Guru

This
week’s gurus

Lying
superheroes are no fun

Guru
was shocked to come across research revealing that almost half of employees
have admitted lying in job interviews.

And
apparently, men are twice as likely to conceal the truth about their
qualifications or experience from a prospective employer as women.

The
study, by the Consumer Analysis Group, also reveals that the majority of people
have lied about their jobs at some point to impress in a social situation.

Some
of the more unlikely boasts include civil servants who claim to be spies, and
an accountant who said he was a dolphin trainer.

Guru
has to admit, there might have been the odd occasion when he has stretched the
truth when outlining his job description. People’s eyes start to glaze over
when he tries to explain what an HR guru actually does. He tends to get a much
more positive reaction (particularly from the ladies) when he explains how he
defended our skies as a swing-wing fighter pilot.

Age cheats or human baggage?

Guru would advise readers who are thinking about adapting their retirement
policies to read this week’s legal pages, where some of the problems
surrounding the Government’s plans to abolish mandatory retirement are
discussed.

But it is not just in the UK where the issue of retirement is causing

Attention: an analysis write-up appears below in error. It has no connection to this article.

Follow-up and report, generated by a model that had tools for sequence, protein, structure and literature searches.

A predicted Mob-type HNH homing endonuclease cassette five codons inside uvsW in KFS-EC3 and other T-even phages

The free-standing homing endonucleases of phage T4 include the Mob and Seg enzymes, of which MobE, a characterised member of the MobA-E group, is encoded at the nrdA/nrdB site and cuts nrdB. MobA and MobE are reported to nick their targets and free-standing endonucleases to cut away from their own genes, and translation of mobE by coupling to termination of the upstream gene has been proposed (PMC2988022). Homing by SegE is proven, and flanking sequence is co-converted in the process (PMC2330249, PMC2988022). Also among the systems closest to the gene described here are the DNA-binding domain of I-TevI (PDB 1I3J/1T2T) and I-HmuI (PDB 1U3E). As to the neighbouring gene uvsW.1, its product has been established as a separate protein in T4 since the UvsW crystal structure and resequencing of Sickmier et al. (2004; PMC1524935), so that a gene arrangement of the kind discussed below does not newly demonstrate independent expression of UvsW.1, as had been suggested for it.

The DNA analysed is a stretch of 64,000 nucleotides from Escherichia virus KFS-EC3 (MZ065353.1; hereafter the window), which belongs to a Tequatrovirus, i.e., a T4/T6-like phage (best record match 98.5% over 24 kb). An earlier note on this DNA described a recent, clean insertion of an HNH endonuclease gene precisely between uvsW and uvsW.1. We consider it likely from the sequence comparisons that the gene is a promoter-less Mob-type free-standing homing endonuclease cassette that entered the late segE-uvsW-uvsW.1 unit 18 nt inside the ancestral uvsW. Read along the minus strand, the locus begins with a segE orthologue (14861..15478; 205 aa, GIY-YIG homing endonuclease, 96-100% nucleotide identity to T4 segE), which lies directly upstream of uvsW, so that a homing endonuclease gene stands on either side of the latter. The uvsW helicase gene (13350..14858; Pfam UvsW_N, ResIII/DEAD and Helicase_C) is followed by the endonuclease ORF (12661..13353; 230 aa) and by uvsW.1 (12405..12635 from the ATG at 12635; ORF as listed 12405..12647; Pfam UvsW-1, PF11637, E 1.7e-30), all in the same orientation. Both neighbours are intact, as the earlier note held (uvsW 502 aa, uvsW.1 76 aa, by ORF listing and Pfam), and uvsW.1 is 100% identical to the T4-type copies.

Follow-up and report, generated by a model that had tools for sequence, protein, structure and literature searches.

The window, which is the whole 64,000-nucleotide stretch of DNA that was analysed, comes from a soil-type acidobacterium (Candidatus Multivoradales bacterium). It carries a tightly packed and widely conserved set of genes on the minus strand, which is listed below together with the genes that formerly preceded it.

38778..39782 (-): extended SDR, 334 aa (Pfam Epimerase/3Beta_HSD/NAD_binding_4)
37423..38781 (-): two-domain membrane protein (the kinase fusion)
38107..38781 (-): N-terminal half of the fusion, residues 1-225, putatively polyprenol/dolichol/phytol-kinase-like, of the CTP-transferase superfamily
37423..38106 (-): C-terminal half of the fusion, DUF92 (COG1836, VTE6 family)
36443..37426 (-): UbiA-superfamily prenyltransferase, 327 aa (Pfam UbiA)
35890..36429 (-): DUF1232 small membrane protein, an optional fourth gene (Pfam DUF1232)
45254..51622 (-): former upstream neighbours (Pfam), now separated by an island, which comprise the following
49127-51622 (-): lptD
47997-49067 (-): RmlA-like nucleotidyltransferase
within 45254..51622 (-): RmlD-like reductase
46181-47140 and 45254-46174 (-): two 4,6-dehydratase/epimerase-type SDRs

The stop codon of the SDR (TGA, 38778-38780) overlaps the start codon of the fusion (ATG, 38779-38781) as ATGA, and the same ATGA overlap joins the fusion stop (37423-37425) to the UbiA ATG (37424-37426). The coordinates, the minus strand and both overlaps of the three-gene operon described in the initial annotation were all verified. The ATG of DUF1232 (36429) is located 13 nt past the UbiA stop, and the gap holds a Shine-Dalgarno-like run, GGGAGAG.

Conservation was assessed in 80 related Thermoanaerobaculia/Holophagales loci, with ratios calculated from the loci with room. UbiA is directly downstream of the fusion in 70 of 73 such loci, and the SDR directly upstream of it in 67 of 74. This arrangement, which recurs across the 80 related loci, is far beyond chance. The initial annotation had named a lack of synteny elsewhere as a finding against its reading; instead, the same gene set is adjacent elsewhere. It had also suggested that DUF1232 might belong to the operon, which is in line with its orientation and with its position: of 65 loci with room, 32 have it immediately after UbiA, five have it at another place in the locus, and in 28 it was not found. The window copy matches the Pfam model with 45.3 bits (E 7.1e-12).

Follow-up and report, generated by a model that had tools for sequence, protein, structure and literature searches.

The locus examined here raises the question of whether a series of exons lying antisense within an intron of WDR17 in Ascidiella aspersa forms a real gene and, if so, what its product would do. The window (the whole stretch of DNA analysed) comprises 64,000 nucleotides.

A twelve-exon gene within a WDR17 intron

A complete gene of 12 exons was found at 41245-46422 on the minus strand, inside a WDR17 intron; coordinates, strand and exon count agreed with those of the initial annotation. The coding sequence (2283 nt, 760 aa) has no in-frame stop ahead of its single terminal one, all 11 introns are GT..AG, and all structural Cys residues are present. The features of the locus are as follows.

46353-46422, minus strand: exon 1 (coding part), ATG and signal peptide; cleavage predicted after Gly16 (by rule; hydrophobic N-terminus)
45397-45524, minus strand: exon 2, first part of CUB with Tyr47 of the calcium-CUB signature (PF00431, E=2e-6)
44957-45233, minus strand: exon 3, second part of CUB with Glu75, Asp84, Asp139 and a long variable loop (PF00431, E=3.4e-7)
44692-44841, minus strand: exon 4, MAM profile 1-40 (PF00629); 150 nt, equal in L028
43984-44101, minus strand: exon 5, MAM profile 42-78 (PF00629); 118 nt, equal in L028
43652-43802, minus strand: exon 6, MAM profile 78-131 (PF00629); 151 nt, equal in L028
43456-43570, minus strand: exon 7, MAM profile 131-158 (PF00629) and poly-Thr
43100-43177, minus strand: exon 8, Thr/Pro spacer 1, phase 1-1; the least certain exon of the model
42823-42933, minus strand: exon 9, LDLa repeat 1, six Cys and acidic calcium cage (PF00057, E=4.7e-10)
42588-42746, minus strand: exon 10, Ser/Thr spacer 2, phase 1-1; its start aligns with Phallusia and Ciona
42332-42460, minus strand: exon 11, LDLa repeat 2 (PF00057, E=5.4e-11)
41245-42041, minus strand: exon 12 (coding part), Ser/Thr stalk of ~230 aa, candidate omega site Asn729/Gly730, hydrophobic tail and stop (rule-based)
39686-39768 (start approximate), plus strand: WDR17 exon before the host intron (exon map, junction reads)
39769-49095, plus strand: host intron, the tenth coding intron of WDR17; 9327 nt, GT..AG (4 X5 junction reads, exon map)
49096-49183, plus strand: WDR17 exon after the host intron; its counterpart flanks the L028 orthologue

concerns for employers. In India, more than 1,000 council workers are to
undergo a bone marrow age test to prove they should be retired. Employees at Kolkata
Municipal Corporation (KMC) in Calcutta will be given the tests because bosses
suspect many workers should have retired long ago, but have carried on working
so they can claim redundancy benefits.

Sixty is the normal age of retirement in India, but a KMC doctor says many
employees who have now volunteered for a redundancy payout may be 65.

Subrata Mukherjee, the mayor of Kolkata, said: "We suspect 3 to 5 per
cent of our KMC employees are beyond the age of 60, and we are being
cheated."

Guru suspects that progressive HR policies have not yet reached Kolkata, as
Mukherjee continued: "We are determined to get rid of this human baggage
to build up a more efficient workforce."

Calling all red blooded men: the HR women are waiting…

Next week, Guru will publish the lonely heart messages from disciples who have
responded to his HR love-in. Guru is hopeful the amorous e-mails could lead to
the perfect union of HR professionals – imagine the people management potential
of the off-spring. It could be the start of a HR super-race.

If this is to happen, Guru could do with a few more entries from men. Come
on guys, we all know HR is ‘totty heavy’ – even Guru would fancy his chances of
pulling if he entered the lurve-in.

To whet the appetite of the hot-blooded male HR professionals out there,
Guru has provided a teaser of the talent on offer:

Blonde lady, 31, based in Brum,
Whose love-life has become too humdrum,
Seeks a man over 30,
(She’s really quite flirty),
As long as he’s got a nice bum!

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